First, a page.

Every student in Greenwich Public Schools is issued a laptop or tablet. But do they use them?

Photo of Justin Papp
A second-grader at the Riverside School, works on the computer code for his website about snakes at the Riverside School in Greenwich, Conn., Tuesday, June 12, 2018.

A second-grader at the Riverside School, works on the computer code for his website about snakes at the Riverside School in Greenwich, Conn., Tuesday, June 12, 2018.

File / Bob Luckey Jr. / Hearst Connecticut Media

GREENWICH — Nearly three-quarters of the Greenwich High students polled this month said their school-issued computer device was either low or very low quality, and the vast majority of local students use a secondary personal device for learning instead.

This has been an otherwise vastly successful year for the district’s Information Technology Department, which was tasked with an ever-evolving slate of issues as the district drastically expanded its remote learning capabilities amid the COVID-19 pandemic, Chief Technology Officer Michael Ting said during Thursday’s Board of Education meeting.

But the effectiveness of student devices remains one of a few problems that still needs addressing, he said.

“I’d like everyone to think about where we were technology-wise a year ago,” Ting said at the beginning of his presentation. “In just one year we’ve seen rapid change across the school district in many aspects of instruction and infrastructure.”

Those changes included a massive increase in total internet use, by a factor of two year-over-year, an increased need for cybersecurity and, in general, a new reliance on technology for staff, students and parents, he said.

But the results of the survey, to which just over 300 students responded, show that the district needs to adapt further.

“The current device is inadequate in terms of computing power for the demands of the school district specifically with regard to the google meet platform,” Ting said. “Simply put, running a Google Meet ties up so much of the resources of the device that it makes doing other things on the device at the same time difficult to nearly impossible. With this in mind, it’s easy to see why so many students use a second, personally owned device for school.”

Currently, according to Ting’s report, the district has approximately 5,500 iPads, used by elementary students, and 6,000 Chromebooks, used by middle- and high-school students. Ting said he didn’t have a sense what percentage of the devices was going unused, but said that he could easily get a sense by checking when users last logged on to their laptop or tablet.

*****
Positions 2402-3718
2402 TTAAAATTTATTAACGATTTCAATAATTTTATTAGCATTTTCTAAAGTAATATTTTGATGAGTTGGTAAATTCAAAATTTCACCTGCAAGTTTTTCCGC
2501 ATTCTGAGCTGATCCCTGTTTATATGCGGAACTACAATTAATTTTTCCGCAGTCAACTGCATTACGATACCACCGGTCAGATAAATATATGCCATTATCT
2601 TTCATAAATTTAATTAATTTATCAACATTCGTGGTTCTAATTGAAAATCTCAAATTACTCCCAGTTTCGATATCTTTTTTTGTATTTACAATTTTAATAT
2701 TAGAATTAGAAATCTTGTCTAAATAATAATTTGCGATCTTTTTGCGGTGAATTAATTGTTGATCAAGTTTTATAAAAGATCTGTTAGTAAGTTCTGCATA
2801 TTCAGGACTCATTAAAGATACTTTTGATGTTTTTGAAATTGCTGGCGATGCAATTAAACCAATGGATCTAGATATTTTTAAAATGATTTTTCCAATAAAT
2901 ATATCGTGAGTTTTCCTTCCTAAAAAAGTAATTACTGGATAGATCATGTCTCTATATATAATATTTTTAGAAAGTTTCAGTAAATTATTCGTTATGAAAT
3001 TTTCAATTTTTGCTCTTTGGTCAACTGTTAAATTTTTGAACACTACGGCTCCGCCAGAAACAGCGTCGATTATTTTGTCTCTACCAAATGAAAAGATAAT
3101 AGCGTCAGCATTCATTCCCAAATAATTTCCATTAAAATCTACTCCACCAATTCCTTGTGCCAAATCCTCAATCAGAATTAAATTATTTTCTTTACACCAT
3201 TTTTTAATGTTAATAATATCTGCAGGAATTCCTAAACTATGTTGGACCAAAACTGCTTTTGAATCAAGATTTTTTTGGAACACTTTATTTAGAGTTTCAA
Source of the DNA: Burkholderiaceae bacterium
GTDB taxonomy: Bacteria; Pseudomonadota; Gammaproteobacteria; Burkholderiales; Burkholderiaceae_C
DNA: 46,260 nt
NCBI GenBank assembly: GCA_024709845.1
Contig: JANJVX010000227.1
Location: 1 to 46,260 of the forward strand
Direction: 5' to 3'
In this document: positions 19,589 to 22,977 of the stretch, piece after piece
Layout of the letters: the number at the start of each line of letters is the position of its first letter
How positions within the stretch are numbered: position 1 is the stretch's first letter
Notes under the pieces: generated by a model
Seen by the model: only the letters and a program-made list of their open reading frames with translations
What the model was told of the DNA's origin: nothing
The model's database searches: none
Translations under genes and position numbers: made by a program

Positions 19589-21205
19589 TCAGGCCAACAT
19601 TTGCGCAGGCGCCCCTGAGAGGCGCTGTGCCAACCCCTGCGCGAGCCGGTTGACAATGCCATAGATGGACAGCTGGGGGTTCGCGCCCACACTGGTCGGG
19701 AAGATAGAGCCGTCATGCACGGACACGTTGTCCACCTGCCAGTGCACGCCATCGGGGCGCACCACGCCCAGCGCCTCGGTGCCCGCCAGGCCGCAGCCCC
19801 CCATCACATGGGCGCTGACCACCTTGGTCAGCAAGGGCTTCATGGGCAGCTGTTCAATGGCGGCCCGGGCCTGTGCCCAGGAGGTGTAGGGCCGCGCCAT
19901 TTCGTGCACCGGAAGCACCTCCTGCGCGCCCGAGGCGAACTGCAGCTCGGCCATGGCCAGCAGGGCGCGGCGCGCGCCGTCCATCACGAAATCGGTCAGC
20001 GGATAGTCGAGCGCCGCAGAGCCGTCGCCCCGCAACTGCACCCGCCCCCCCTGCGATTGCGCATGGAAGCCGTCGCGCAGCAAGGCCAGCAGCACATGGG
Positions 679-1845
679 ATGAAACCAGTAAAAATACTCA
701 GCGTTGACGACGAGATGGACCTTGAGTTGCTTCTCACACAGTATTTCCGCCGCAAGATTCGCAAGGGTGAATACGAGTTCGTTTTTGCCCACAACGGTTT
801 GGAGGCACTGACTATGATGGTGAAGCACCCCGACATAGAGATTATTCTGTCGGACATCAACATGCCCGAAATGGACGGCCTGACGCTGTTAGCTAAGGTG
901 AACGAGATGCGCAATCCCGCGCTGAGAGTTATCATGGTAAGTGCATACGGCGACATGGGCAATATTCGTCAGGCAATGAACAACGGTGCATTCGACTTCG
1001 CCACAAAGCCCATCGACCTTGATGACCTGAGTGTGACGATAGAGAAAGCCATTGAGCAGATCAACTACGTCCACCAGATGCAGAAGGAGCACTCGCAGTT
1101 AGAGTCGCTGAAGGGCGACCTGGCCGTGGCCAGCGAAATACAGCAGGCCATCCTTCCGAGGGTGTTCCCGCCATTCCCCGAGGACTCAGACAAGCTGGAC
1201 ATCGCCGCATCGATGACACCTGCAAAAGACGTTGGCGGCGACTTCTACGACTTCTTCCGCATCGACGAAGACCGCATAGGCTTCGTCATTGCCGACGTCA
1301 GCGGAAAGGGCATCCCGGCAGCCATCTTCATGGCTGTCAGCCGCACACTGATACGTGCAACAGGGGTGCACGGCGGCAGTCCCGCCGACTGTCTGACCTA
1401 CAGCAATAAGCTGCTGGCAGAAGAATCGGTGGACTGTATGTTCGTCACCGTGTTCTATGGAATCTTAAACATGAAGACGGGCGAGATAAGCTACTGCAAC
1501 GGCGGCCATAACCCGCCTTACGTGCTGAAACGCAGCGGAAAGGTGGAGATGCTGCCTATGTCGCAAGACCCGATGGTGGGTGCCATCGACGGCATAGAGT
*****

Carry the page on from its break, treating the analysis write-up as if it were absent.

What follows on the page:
Anecdotally, school board Vice Chair Kathleen Stowe said her son returned his school-issued device because he preferred using his personal computer, which is more powerful.

“We’ve heard people before say they’ve got school laptops in closets and maybe we don’t need to be purchasing everything,” Board of Education Chair Peter Bernstein said.

Ting presented four possible options: The district could use the same device but upgrade the processor, or upgrade all aspects of the Chromebook, including the processor. Or, it could upgrade to either a Windows or a Mac laptop.

The first three options, Ting said, have costs roughly in-line with the current budget. The fourth — purchasing Mac laptops — would be significantly more expensive. But Ting said if cost were not an issue, the Apple laptop would be the clear choice.

Ting stressed no decision had been made on how to proceed and that no decision would need to be reached until next year’s budget cycle.

Board members, however, asked about a fifth option — B.Y.O.D., or bring your own device. That pointed to the results of the technology survey, which shows that nearly 70 percent of respondents use a personal device for school work.

Bernstein said a quasi-BYOD situation already existed and wondered whether formalizing that policy could bring down district costs.

“If we lessen the number of devices we need to purchase and we purchase devices that are incrementally better, I think that leaves us in good shape,” Bernstein said.

Board member Christina Downey asked whether a system could be implemented in which students who didn’t need a school-issued device could return their laptops, which the district could redistribute to students more in-need.

And while Bernstein and board member Peter Sherr opined that the more expensive, more powerful Apple laptops were probably not necessary for middle- and high-school students, board member Karen Hirsh wondered whether the Apple devices would last longer than the current Chromebooks and potentially save money long-term.

“I would expect that the refresh cycle could possibly be increased from three-and-a-half years to four years or five years,” Ting said.

In a tight budget year, however, the Apple computers would be too expensive and the BYOD model is potentially too disruptive. Ultimately, Ting pushed back on the idea, at least for the moment, citing equity, security and support issues. He also noted there is a 95 percent take rate for school-issued devices, potentially suggesting a fairly substantial need among the student body.

“It’s a big change, it’s a big project, it’s not something we’re ready to take on at this time,” Ting said.

justin.papp@scni.com; @justinjpapp1; 203-842-2586